The Application of Human Monte Carlo to the Chances of Winning Klondike Solitaire
Klondike solitaire is
one of the most popular forms of solitaire. The game consists of
(i) a tableau that initially has seven piles (or columns) with 1 to 7 cards in each
with the top card facing up and the other cards facing down,
(ii) a deck with initially 24 cards in it, and
(iii) a foundation with four spaces to place cards of the same suit all of which are initially empty.
For the rules,
see How to Play Klondike Solitaire.
The goal of the game is to place all 52 cards in the deck onto the four foundation piles.
There are some variations in the rules of Klondike solitaire.
In the version used in this report,
we allow the player to go through the deck as many times as possible,
turning three cards at a time, allowing the player to see all three cards
but only permitting the player to move a top card to the tableau or foundation if possible.
We also allow part or all of an alternating face-up sequence
in one column of the tableau to be moved to another column in the tableau
as long as card numbers decrease and the alternating color scheme is maintained.
Once a card is played to a foundation pile, it may not be moved back to the tableau.
The question arises as to what fraction of Klondike solitaire games is winnable?
The number of different games is 52! = 52x51x52…x3x2x1 = 80658175170943878571660636856403766975289505440883277824000000000000,
which is approximately 8x1067.
To analyze all the games and to decide which are winnable is an impossibly arduous task.
When faced with such an enormous number of situations,
mathematicians and scientists have developed an approximate way of determining questions
such as the fraction of winnable Klondike solitaire games.
It is called the Monte Carlo method.
In our case, one generates quite a few games.
Call this number N.
One then analyzes these games to determine which are winnable.
Call this number W.
Then, an estimate of the fraction, fwinnable, of winnable Klondike solitaire games is
fwinnable ≈ W/N
As N gets larger,
the accuracy of the estimate gets better.
In the case where there are two possibilities for the outcome,
which is the situation for Klondike solitaire (winning or losing),
one can show that there is about a 68% chance that the true winnable fraction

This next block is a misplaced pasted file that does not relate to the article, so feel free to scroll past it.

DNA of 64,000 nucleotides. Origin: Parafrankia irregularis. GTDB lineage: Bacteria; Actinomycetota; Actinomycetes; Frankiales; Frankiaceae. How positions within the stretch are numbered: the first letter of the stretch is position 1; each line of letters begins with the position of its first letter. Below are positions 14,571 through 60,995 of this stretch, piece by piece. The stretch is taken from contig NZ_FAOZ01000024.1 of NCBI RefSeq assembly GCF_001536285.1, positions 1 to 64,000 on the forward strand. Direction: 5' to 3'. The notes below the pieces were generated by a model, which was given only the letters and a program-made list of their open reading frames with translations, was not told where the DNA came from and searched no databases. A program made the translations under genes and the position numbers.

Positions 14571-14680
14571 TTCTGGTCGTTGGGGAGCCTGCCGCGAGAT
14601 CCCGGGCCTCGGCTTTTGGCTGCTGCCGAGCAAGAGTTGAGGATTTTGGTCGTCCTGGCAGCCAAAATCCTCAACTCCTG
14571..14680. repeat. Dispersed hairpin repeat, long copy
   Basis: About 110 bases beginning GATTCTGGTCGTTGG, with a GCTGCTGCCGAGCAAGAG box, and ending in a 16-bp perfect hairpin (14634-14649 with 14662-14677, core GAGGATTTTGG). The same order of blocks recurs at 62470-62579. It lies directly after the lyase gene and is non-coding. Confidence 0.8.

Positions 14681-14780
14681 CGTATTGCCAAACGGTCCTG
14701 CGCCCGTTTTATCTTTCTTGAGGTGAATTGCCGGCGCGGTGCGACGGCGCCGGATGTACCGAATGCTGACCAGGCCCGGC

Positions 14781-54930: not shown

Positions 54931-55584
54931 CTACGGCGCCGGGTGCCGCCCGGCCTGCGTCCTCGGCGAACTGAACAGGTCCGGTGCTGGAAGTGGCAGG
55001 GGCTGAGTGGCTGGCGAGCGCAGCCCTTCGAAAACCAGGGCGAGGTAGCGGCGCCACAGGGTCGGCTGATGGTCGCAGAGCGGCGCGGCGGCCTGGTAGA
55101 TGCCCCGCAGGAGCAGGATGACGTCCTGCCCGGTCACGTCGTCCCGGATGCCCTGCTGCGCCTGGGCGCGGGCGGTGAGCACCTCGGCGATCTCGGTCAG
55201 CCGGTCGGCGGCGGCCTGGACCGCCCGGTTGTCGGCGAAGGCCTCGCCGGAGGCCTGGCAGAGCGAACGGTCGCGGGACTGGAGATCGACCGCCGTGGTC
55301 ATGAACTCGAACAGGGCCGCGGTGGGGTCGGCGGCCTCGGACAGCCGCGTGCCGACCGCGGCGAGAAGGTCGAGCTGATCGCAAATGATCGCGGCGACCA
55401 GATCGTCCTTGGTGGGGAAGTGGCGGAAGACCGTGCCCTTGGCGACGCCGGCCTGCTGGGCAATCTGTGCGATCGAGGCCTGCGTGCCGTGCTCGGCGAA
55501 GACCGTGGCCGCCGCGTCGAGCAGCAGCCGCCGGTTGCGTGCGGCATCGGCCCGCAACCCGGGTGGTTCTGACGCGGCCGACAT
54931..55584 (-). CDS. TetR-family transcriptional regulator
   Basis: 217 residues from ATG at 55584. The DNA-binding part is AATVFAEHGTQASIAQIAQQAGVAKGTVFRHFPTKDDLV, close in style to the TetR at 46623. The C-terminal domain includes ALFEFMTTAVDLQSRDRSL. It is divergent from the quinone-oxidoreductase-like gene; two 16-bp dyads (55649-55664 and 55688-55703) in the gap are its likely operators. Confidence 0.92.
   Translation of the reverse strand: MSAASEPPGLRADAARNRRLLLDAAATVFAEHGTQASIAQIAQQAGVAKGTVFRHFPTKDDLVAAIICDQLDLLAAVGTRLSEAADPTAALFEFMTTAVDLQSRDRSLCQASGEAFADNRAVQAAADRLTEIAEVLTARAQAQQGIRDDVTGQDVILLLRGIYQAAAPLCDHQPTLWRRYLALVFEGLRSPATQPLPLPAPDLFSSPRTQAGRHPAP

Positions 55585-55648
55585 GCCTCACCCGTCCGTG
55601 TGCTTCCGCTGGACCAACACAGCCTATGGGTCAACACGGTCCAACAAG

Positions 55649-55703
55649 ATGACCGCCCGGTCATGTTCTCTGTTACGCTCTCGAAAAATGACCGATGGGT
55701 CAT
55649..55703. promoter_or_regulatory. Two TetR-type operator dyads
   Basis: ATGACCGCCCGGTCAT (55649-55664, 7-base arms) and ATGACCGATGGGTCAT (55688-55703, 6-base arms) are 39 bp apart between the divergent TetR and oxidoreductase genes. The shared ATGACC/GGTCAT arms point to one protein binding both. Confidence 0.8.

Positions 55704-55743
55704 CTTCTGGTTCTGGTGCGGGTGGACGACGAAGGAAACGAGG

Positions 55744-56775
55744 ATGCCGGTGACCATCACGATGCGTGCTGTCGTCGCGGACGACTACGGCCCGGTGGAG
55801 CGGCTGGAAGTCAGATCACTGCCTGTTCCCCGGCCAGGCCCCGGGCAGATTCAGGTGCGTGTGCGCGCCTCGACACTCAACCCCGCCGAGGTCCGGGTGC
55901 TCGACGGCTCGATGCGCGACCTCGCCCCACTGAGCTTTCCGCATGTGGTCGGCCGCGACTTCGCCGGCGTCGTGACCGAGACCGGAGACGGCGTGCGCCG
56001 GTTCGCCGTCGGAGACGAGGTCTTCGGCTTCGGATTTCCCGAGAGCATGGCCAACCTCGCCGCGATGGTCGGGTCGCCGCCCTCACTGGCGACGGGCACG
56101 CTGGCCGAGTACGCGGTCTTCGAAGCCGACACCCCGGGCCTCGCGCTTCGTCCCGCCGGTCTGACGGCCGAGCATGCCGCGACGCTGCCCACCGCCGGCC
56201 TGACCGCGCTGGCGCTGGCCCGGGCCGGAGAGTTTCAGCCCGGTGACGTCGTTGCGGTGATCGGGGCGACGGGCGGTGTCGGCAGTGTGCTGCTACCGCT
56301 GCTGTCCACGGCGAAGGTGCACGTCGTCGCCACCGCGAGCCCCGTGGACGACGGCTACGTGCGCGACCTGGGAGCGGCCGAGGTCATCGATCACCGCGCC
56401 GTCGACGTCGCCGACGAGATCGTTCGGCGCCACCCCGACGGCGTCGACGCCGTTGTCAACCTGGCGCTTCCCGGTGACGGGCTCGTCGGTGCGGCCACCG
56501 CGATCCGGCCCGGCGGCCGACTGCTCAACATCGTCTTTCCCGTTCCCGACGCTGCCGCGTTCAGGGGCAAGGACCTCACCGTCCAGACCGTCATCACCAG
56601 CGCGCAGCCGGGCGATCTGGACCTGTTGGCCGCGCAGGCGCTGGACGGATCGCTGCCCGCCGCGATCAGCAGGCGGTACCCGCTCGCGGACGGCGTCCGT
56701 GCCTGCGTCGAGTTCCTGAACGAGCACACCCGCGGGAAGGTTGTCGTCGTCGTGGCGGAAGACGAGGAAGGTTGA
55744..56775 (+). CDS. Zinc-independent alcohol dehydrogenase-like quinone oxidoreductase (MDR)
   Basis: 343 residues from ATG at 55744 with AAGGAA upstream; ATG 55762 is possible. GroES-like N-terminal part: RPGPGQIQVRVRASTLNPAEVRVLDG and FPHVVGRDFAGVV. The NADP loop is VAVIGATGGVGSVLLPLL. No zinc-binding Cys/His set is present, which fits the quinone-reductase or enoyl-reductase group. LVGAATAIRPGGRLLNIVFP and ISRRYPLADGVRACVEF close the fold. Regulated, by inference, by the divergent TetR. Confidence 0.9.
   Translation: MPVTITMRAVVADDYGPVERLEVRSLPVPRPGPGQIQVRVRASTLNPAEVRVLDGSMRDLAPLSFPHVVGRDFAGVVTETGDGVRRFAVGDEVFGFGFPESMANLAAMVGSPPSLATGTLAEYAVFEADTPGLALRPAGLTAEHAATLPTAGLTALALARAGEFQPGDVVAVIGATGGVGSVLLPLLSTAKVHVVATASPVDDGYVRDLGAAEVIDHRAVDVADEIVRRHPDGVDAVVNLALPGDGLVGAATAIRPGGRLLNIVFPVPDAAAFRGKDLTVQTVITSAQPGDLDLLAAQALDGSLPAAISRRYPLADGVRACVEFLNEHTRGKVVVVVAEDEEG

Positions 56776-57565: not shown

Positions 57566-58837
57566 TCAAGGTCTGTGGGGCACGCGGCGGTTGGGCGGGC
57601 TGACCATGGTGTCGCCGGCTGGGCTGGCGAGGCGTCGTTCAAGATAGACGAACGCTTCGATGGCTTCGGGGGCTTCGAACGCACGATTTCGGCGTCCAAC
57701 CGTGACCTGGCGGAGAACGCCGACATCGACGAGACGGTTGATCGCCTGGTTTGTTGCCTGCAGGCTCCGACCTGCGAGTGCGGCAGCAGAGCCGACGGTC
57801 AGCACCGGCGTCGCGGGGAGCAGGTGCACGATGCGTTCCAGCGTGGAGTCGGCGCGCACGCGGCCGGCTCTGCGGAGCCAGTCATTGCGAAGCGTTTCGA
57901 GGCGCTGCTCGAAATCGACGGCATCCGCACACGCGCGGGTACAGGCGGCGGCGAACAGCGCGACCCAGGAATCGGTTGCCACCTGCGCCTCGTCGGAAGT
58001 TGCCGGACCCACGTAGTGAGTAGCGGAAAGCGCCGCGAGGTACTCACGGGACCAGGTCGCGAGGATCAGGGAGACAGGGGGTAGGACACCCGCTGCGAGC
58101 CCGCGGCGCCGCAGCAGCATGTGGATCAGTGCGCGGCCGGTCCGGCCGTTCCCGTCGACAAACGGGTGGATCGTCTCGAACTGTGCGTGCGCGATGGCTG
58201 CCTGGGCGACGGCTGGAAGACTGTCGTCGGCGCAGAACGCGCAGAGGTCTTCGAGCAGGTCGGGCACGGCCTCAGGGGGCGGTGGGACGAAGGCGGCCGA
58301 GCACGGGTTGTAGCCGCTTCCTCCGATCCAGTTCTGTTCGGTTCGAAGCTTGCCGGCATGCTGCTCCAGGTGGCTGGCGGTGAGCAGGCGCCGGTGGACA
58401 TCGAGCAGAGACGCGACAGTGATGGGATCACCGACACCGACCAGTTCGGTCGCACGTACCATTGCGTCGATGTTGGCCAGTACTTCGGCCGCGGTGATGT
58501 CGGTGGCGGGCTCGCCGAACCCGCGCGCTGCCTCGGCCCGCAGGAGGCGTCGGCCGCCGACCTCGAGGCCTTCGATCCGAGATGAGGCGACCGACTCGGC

is within σ of the estimated fraction where
σ2 = fwinnable (1 - fwinnable)/N
and a 95% change that it is within 2σ of the estimate.
Often a computer is used in the Monte Carlo method
since it is good at repetitive calculations and
one wants N to be as large as possible so as to obtain as-accurate-as-possible estimate.
However, programming a computer to play Klondike solitaire perfectly is not easy.
Hence, we have resorted to “human” Monte Carlo.
We selected one of the brightest staff members at Jupiter Scientific
to look at 100 games with all the tableau cards facing up so that winnability
could be more easily determined. He was able to show that 79 of these were winnable.
Of the remaining 21 games, he proves rigorously it was impossible to win 16 of them.
He also provided strong arguments that a player could not win the remaining 5.
A second Jupiter Scientific staff member reviewed the proofs.
Using Equation (1),
one concludes that approximately 79% of Klondike solitaire games are winnable:
fwinnable ≈ 79%
and, using Equation (2), that there is a
95% chance that the true winnable faction is between 71% and 87%
In Reasons for Getting Stuck in Klondike Solitaire,
we provide some insights into the nature of when a game is not winnable.
While generating this report,
we uncovered a nice analysis
that actually used a computer to conclude that 82% of the games were winnable
and that there was a 99% chance that the true winnable fraction was
between 80% and 85%.
These figures are somewhat higher
than the value of fwinnable in Equation (3) of 79%.
However, the version of Klondike in that analysis allowed cards to be moved
from the foundation back to the tableau and so the winnable fraction should be a bit higher.
In “real” Klondike solitaire,
one is not allowed to see the face-down cards in the tableau.
The question then arises as to what are one’s chances of winning
when one is not allowed to view all the cards in the tableau.
Our staff member was able to win 189 out of 442 games:
chances of winning with good play = 43%
This is several times the typical winning percentages
of “recreational players”.
The insights into the nature of when games are winnable
have allowed us to construct some general strategies for increasing
one’s chance of winning.
there may be better strategiesFootnote.
Therefore Equation (4) is a lower bound:
chances of winning with best play ≥ 43%
In this report,
we have used “human” Monte Carlo to obtain a lower bound
on the chances of winning Klondike solitaire with good play
and to obtain an estimate for the fraction of winnable games
if a player was “clairvoyant” and “perfect.”
Monte Carlo methods have many other applications
particularly in the fields of physics, mathematics and engineering.
They can be used to estimate integration over a multi-dimensional space,
they were used
for quantum chromodynamics
to suggest that
quark confinement was a property of the theory,
and the method can even be used to demonstrate the correction solution
of the three-door Monty Hall problem.
See the Monty Hall page at UCSD.
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